After Google Book Search: Rebooting the Digital Library

“After Google Book Search: Rebooting the Digital Library” 
University of Chicago Law & Economics, Olin Working Paper No. 559

RANDAL C. PICKER, University of Chicago – Law School

The rejection of the Google Book Search settlement means that we are at a point of rebooting how we design our digital library future. There were many criticisms of GBS and the settlement but perhaps chief among those was the risk that approval of the settlement would have locked in a single approach to digital libraries. Google would have received unique access to the so-called orphan works and that would have provided it what may have been a decisive advantage against digital library competitors, both private and public. As we move forward on the orphan works, we need to do so with two principles in mind. First, we need to enable broad competing uses of the orphan works while, to the greatest extent possible, respecting the rights of the orphan works holders. Second, we should not repeat the mistake of the GBS settlement by somehow tilting the table in favor of digital library monopoly, either public or private.

We should want to foster a rich digital library ecosystem. GBS makes clear that we can have large-scale private digital libraries. That is an important development and one that we should seek to enable. If we create use rights for copyrighted works for digital libraries, we should be sure to make those privileges available to both public digital libraries and private digital libraries such as GBS and its successors. Our existing statutory safe harbors for libraries favor noncommercial libraries and archives. The emergence of GBS suggests that that is too narrow a conception of what libraries can be in the digital age and we need a statutory scheme that supports that.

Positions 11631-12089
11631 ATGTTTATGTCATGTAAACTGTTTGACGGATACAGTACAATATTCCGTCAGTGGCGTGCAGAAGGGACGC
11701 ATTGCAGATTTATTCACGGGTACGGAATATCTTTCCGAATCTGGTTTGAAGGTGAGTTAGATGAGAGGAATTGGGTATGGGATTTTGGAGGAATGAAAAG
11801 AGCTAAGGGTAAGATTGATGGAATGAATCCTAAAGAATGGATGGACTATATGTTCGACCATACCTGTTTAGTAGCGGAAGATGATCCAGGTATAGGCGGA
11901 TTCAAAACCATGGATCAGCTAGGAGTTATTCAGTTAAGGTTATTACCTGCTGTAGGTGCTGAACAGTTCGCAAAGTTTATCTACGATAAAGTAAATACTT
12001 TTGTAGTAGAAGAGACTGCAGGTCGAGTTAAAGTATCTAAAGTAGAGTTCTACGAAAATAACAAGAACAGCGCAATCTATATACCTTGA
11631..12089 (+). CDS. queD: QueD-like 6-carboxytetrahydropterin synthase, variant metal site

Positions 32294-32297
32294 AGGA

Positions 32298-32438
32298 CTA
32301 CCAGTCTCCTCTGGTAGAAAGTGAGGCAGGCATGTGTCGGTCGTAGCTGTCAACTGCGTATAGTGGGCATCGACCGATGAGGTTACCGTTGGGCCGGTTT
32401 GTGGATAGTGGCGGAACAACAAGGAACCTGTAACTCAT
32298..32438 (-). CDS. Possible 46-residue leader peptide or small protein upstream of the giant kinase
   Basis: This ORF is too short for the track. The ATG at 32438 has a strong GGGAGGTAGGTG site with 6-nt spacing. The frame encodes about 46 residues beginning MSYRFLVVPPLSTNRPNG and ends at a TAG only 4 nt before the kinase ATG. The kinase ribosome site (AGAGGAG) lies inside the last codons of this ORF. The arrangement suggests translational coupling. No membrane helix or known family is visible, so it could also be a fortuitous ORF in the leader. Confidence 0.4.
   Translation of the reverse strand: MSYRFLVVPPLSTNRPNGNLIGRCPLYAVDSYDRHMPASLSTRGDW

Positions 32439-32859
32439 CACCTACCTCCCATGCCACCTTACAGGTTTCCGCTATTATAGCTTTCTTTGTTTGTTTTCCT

Source: LSN: University of Chicago Law School, Law & Economics Research Paper Series Vol. 13 No. 4, 06/27/2011

 

Google Books in the News

European Union to scrutinize Google Books settlement; Congress may hold hearing

“The European Union said today that it would scrutinize Google’s settlement with authors and publishers and hold a hearing Sept. 7 to determine whether there would be any adverse impact on the European book market. “What’s currently planned is a fact-finding exercise by the [European] Commission — not an investigation — and we’re looking forward to taking part,” said Jennie Johnson, a Google spokeswoman. Under scrutiny will be Google’s agreement, reached last year with the Authors Guild and the American Association of Publishers, to make out-of-print books searchable online.”

http://latimesblogs.latimes.com/technology/2009/07/european-union-to-scrutinize-google-books-settlement.html

 

University of Wisconsin-Madison and University of Texas expand Google Books agreements

“In May, the University of Michigan announced an expanded agreement with Google that will take advantage of our settlement agreement to make millions of works from its library collection accessible to readers, researchers, and book lovers across the United States. Today, two more longstanding library partners–the University of Wisconsin-Madison and the University of Texas–have also expanded their partnerships with Google. That means that if the agreement is approved by the court, anyone in the US will be able to find, preview and buy online access to books from these two libraries as well.”

http://booksearch.blogspot.com/2009/07/university-of-wisconsin-madison-and.html

 

Google Library Project Settlement: What It Means for Publishers

SPONSORED BY: Google, The Association of American Publishers, and Publishers Weekly 

EVENT DATE: Wednesday, July 29, 2 pm ET Time — 60 minutes